• > clearance sales are wonderful things, especially when they involve devices with LCD screens.

        That's what I thought right away--a $12 color LCD for embedded projects. That's cheaper than anything I've seen so far.
  • I have RTF, well, links.
    What's the resolution/physical size of the screen in this thing?
  • by Ravnsgaard (878623)
    Could someone please explain what this thing does and doesn't? The website doesn't really say much.
    • Sorry but I just LOVE that this:

      >Could someone please explain what this thing does and doesn't? The website doesn't really say much.

      was rated +2 insightful.
    • I was just about to post the exact same question. That is the worst website I've ever seen. Nowhere that I saw did they actually say what the product was. They had a faq:

      will it play mp3s? no
      will it play movies? no
      will it do this? no
      will it do that? no

      thanks, but the very first question in any faq should be, "what the heck is it?"
    • It didn't say anything, a Flash page with no SKIP INTRO, as I haven't yet installed Flash on my machines, their page was blank.

      upshot: no sale.
  • I wouldn't mind spending $20 on a DIY digital picture frame that I could upload pix to while traveling on business. It seems no one can agree on the price and functionality out-of-the-box here.
    • What I don't get is why people are trying to do with this what it really can't do easily, which is display pretty graphics and such. It has a sound chip, so mpg123 would work well, along with a text frontend.

      People, it has a USB port. USB Nic, bam, you're on the network. ssh to a server, run pine, irc, etc.

      Awfully cheap remote terminal if you ask me. ;) I wonder how firefox looks at that low of a res....
  • Buy one now (Score:4, Insightful)

    by TimmyDee (713324) on Wednesday June 01, 2005 @02:01PM (#12696422) Homepage Journal
    Because it won't be a product for very long. Other than for hackers and a few "must have everything" kids, I can't see this succeeding as a product. The number of qualifiers/caveats/limitations of this thing as mentioned in the FAQ are ridiculous. Want to play MP3s? You need to purchase special software. Oh, and the sound quality is limited to 128 K/s, so all those songs you ripped at higher quality won't work. Want to watch movies? Again, special software. To store anything, you'll need an SD or MMC card (not included) to boost the storage past the 32 MB. The game selection is bound to be limited as they are cartridge based and proprietary.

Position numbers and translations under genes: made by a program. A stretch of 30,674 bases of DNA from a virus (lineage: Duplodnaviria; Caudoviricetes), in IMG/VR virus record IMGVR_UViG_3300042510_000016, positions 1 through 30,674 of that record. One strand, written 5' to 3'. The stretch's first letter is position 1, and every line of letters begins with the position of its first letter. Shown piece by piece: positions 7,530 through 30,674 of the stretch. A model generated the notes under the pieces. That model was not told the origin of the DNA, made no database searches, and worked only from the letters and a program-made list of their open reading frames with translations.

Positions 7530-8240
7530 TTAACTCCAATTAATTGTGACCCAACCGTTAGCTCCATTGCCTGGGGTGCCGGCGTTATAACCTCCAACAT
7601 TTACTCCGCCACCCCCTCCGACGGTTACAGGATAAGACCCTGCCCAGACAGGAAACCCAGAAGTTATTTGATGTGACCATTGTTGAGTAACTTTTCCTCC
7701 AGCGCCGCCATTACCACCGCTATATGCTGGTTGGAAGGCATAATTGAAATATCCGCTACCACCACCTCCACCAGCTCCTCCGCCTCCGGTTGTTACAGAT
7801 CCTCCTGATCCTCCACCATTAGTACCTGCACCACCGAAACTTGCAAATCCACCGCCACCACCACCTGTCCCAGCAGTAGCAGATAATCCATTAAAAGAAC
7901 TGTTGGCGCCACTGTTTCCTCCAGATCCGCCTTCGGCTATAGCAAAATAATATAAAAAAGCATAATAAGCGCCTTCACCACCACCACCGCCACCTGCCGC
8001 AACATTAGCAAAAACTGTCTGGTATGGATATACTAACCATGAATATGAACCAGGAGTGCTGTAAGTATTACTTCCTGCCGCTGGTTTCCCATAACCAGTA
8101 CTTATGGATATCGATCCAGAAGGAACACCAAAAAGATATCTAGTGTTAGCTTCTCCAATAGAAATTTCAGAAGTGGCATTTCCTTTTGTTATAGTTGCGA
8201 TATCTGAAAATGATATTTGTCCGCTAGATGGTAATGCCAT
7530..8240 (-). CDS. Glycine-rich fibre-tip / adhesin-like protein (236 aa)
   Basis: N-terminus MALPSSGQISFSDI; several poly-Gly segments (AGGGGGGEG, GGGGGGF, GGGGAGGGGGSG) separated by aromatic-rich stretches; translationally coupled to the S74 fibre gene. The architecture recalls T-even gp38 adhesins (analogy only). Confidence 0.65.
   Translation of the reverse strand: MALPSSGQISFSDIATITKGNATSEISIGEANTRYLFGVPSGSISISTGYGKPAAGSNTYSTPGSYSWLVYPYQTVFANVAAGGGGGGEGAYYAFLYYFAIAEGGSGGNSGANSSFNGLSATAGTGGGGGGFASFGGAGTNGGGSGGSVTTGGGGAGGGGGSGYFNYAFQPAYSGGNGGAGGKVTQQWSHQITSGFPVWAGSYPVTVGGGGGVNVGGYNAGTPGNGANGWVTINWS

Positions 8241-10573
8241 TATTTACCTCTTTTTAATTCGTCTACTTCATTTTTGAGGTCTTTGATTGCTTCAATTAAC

Oh, and one more thing: It's not cool. By the time kids will be able to use it, they'll be old enough to know they want an iPod/GameBoy SP/PSP/DS/etc. and not some childish thing from Mattel.
  • and was greeted with the most horrible noise! It sounded like someone singing "Yeah, Yeah" over and over again, horribly clipped and distorted.

    Does the actual hardware sound better than that? And why does it use MP3 instead of something that sounds better at a lower bitrate like WMA?

    • First off, MP3s are vastly more compatible than WMA files. I would rather have MP3s than WMAs. Just crank the bit rate up a bit - storage is cheap anyway.

      On a second note - I doubt that you would be able to detect any limitations of a $30 toy with a 128kbit mp3. Of course, Mattel is known for it's fine audio products...
  • by Anonymous Coward on Wednesday June 01, 2005 @02:05PM (#12696466)
    2.75 inch 240x160 color LCD
    http://www.elinux.org/wiki/JuiceBox [elinux.org]
  • Well, some enterprising American can stick them on ebay and available to the UK because they're upto $108 here.